GROTON — After pressure from multiple municipalities and members of the state Legislature, the state Department of Conservation and Recreation is expected to take the first of many steps to address structural and safety issues of the Nashua River Rail Trail.
The state agency is “looking into devoting funds” to deliver much-needed repairs to the 11-mile trail, according to state Sen. Jamie Eldridge. The action came after a letter, sponsored by the governing bodies of Ayer, Dunstable, Groton and Pepperell concerning the present condition of the trail and lack of reconstructive action by DCR was shared with the Baker-Polito administration back in August.
Eldridge said DCR is expected to send out a contractor to “assess the scope of necessary repairs” in the near future, while a site visit by members of the state Legislature was likely to occur at a to-be-determined date.
Groton Select Board member Peter Cunningham, who penned the letter to the Baker-Polito administration, said DCR’s “neglect” of the NRRT has been an “ongoing problem for several years now,” but he was cautiously optimistic about the development. Eldridge called it a “step in the right direction,” but hoped to receive “more of a firm commitment” from DCR to the trail soon.
“This is certainly a positive,” Cunningham said. “But, at this point, the trail needs a complete reconstruction, so I hope this serves to address more than just spot repairs in certain areas.”
“Those sort of quick repairs, they might take care of certain sections for a few years, but then you’re right back at square one and none of us want that,” he said.
“Obviously we want more of a firm commitment, but it’s a start,” Eldridge said. “DCR doesn’t receive adequate funding — that’s something that I think has played a part here and where I believe the legislature needs to continue to increase investment — but the fact that they responded to our inquiry, I think it’s a step in the right direction.”
A trail assessment conducted by DCR back in 2017 acknowledged the need for major repairs and listed 2022 as the year of the NRRT’s “anticipated reconstruction.” That said, and, according to Cunningham, while DCR has shown an ability to prioritize and properly maintain other properties managed by the agency, the NRRT has received little more than patchwork restorations, which has led to numerous “safety concerns and incidents.”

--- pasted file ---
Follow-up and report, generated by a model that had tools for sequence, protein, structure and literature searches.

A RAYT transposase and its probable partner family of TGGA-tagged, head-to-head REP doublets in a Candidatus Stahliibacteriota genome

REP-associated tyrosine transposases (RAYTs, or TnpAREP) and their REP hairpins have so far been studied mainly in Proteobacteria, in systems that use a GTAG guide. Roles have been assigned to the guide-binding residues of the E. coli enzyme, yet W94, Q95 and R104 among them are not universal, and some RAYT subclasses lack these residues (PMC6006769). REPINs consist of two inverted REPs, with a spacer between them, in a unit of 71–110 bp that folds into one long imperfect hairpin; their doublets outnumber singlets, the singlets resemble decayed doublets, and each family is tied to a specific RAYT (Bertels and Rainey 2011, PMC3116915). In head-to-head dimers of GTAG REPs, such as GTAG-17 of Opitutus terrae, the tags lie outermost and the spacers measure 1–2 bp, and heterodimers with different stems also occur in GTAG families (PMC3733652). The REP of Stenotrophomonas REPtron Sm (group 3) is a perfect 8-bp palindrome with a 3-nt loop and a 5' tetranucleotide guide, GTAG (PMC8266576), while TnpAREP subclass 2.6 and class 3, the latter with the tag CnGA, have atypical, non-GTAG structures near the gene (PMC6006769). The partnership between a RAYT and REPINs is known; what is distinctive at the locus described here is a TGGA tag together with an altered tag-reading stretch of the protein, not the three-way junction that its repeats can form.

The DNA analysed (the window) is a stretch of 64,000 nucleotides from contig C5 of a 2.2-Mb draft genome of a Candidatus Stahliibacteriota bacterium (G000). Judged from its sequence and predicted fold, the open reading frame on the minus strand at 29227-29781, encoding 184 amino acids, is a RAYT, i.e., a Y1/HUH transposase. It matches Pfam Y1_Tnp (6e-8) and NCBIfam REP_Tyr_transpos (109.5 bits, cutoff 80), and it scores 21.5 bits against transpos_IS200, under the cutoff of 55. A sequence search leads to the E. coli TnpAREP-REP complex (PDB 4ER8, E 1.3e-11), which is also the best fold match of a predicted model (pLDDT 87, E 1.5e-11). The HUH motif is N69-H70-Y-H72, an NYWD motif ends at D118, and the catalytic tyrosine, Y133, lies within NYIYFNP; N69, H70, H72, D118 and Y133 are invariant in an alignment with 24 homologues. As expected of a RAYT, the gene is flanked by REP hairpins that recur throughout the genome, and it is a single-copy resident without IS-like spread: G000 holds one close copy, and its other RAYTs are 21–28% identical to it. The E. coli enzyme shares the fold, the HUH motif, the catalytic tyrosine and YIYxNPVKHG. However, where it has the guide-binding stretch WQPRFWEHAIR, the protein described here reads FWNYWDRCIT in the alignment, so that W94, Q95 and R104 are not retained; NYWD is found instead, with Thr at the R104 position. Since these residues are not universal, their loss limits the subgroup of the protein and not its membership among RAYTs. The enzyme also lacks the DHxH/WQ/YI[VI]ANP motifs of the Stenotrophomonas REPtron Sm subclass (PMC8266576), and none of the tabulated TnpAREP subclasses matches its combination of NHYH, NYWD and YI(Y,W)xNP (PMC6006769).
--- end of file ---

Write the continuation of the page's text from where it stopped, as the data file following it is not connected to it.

As far as the NRRT is concerned, significant funds are available to DCR courtesy of state Sen. Ed Kennedy and the Transportation Bond Bill that was signed by Gov. Charlie Baker back in January 2021. Still, as of now, DCR has failed to take the necessary steps to secure those funds and apply them to the trail.
Cunningham called the neglect of the trail by the agency in the intervening period “extremely frustrating.”
“A lot of the time when you deal with public policy issues, it’s always a question of resources, not enough money for this or that,” Cunningham said. “But that’s not the case here — this is more of a question of momentum, starting the process of accessing and applying for those funds that were specifically earmarked for this.”
“Even back (in 2017), DCR recognized the trail needed to be rebuilt. Obviously, that’s not happening and I know there are a lot of factors that play into it, but recognizing that the resources are there, the fact that the agency hasn’t taken the steps to make this happen is extremely frustrating,” he said.
Neither Cunningham nor Eldridge expects significant action by DCR until the next state administration is in place after November’s General Election. Until then, both urged locals and frequenters of the NRRT to lobby their local legislators for support.
“I know plenty of people have, but we need to continue to advocate with our legislative representatives,” Cunningham said. “They need to continue to hear from us, we need to continue to push if we want to see DCR and the state take the proper action.”